A Place Called Home
Exhibiting Artists: Sunil Gupta, Chila Burman, Moti Roti, Omar Badsha, Usha Seejarim, Faiza Galdhari, Zen Marie
‘A Place Called Home’ is an exhibition of photographic, print, video, web-based and installation works by artists of Indian/ South Asian descent. It is bound to resonate in South Africa where over a million people originally hail from the Indian subcontinent.
Curated by Zayd Minty, the show documents what contemporary artists of the South Indian Diaspora have produced in the process of making ‘home’ the place of their birth or by adopting as ‘home’ the place to which they have chosen to move.
The show includes work by both local and international artists, amongst them: Sunil Gupta (India/ Thailand/ Canada/ UK), an artist who uses his own history as a gay HIV positive person who has lived in three continents; Chila Burman (UK) who was active in the black British arts movement of the 80`s and the renown collective Moti Roti (Trinidad/ Pakistan/ UK) whose dynamic and visually lush projects, inspired by the carnival traditions, engage subtly in transformative social commentary.
The South African contingent includes key artists such as Omar Badsha who rose to prominence as a lyrical documentary photographer during apartheid days. Badsha, together with younger upcoming artists, Usha Seejarim, Durban-based Faiza Galdhari and Zen Marie were all commissioned to produce new work for this show.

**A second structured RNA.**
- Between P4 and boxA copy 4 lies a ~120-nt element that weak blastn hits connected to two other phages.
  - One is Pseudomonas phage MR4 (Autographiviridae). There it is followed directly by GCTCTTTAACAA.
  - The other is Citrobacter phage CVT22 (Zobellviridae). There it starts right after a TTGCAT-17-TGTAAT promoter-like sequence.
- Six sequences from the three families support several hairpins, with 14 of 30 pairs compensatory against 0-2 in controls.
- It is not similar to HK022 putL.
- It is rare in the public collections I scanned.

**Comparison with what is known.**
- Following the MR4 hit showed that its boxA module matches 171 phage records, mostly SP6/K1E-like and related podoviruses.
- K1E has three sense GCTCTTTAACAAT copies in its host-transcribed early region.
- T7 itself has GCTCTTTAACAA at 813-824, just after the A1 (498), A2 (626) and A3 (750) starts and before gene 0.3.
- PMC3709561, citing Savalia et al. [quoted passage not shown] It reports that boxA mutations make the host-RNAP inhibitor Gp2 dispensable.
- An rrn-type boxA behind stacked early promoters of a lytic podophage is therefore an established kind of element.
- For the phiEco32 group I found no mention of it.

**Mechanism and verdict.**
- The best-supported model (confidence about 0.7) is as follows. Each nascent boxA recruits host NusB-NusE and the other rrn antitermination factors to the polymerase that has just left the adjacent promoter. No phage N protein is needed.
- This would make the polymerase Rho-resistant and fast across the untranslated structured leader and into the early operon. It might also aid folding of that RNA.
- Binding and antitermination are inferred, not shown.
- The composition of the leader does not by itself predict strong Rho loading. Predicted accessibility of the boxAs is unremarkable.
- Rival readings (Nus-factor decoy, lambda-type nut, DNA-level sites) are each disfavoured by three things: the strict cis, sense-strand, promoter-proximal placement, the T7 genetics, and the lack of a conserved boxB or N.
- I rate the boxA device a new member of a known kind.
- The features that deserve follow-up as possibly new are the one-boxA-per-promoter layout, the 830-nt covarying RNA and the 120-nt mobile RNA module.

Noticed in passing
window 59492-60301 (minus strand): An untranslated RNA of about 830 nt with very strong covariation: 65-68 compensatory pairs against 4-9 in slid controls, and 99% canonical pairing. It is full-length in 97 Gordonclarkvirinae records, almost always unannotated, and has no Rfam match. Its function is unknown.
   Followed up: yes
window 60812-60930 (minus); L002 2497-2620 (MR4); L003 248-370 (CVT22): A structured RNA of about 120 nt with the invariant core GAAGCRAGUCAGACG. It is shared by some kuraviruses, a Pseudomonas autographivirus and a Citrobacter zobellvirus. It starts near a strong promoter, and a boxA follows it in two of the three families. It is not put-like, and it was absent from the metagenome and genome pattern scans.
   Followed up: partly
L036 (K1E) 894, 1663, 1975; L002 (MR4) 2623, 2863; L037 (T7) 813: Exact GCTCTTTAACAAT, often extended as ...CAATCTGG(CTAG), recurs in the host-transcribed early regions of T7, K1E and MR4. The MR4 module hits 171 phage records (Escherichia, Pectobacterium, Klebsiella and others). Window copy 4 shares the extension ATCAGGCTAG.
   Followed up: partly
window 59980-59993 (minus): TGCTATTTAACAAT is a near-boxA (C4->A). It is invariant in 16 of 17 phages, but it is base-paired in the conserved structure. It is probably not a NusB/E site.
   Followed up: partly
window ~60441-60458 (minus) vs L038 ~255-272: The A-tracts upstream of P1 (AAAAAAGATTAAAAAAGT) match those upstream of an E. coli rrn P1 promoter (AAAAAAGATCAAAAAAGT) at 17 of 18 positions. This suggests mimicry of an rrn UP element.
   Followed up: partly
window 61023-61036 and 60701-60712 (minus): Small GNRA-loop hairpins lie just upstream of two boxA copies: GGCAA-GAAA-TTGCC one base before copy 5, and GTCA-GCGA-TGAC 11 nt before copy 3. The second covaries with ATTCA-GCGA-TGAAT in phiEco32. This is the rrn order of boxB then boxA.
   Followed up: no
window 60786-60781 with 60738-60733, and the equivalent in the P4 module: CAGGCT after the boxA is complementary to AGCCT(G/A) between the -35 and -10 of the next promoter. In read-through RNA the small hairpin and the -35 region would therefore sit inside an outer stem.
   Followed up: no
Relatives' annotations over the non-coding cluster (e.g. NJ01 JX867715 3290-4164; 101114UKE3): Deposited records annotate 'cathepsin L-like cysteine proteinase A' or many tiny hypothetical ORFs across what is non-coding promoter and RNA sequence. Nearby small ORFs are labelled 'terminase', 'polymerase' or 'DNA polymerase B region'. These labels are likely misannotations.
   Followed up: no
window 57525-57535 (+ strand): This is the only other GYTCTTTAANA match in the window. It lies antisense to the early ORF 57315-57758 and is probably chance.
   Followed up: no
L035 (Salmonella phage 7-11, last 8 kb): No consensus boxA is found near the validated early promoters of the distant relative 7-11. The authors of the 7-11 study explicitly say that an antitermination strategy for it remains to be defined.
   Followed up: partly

Zayd Minty is a cultural producer and organiser who was born and educated in Durban but has worked, since 1991, in Cape Town, particularly around issues of culture and transformation. He was previously artistic director of the Cape Town Festival (2002) and is presently deputy director of the District Six Museum. Amongst his curatorial achievements are ‘Isintu’ (1998) which showed at the SA National Gallery and ‘Returning the Gaze’ (2000), a public art project. He is a fourth generation South African of Gujerati/ Indian descent.
‘A Place Called Home’ was developed by Minty while he was a Rockefeller Fellow at Emory University in USA. The exhibition runs concurrently with the 25th Durban International Festival, which will screen a number of related films. An educational programme forms part of the project and includes engagements with schools as well as a set of discussion forums around issues affecting people of Indian descent in South Africa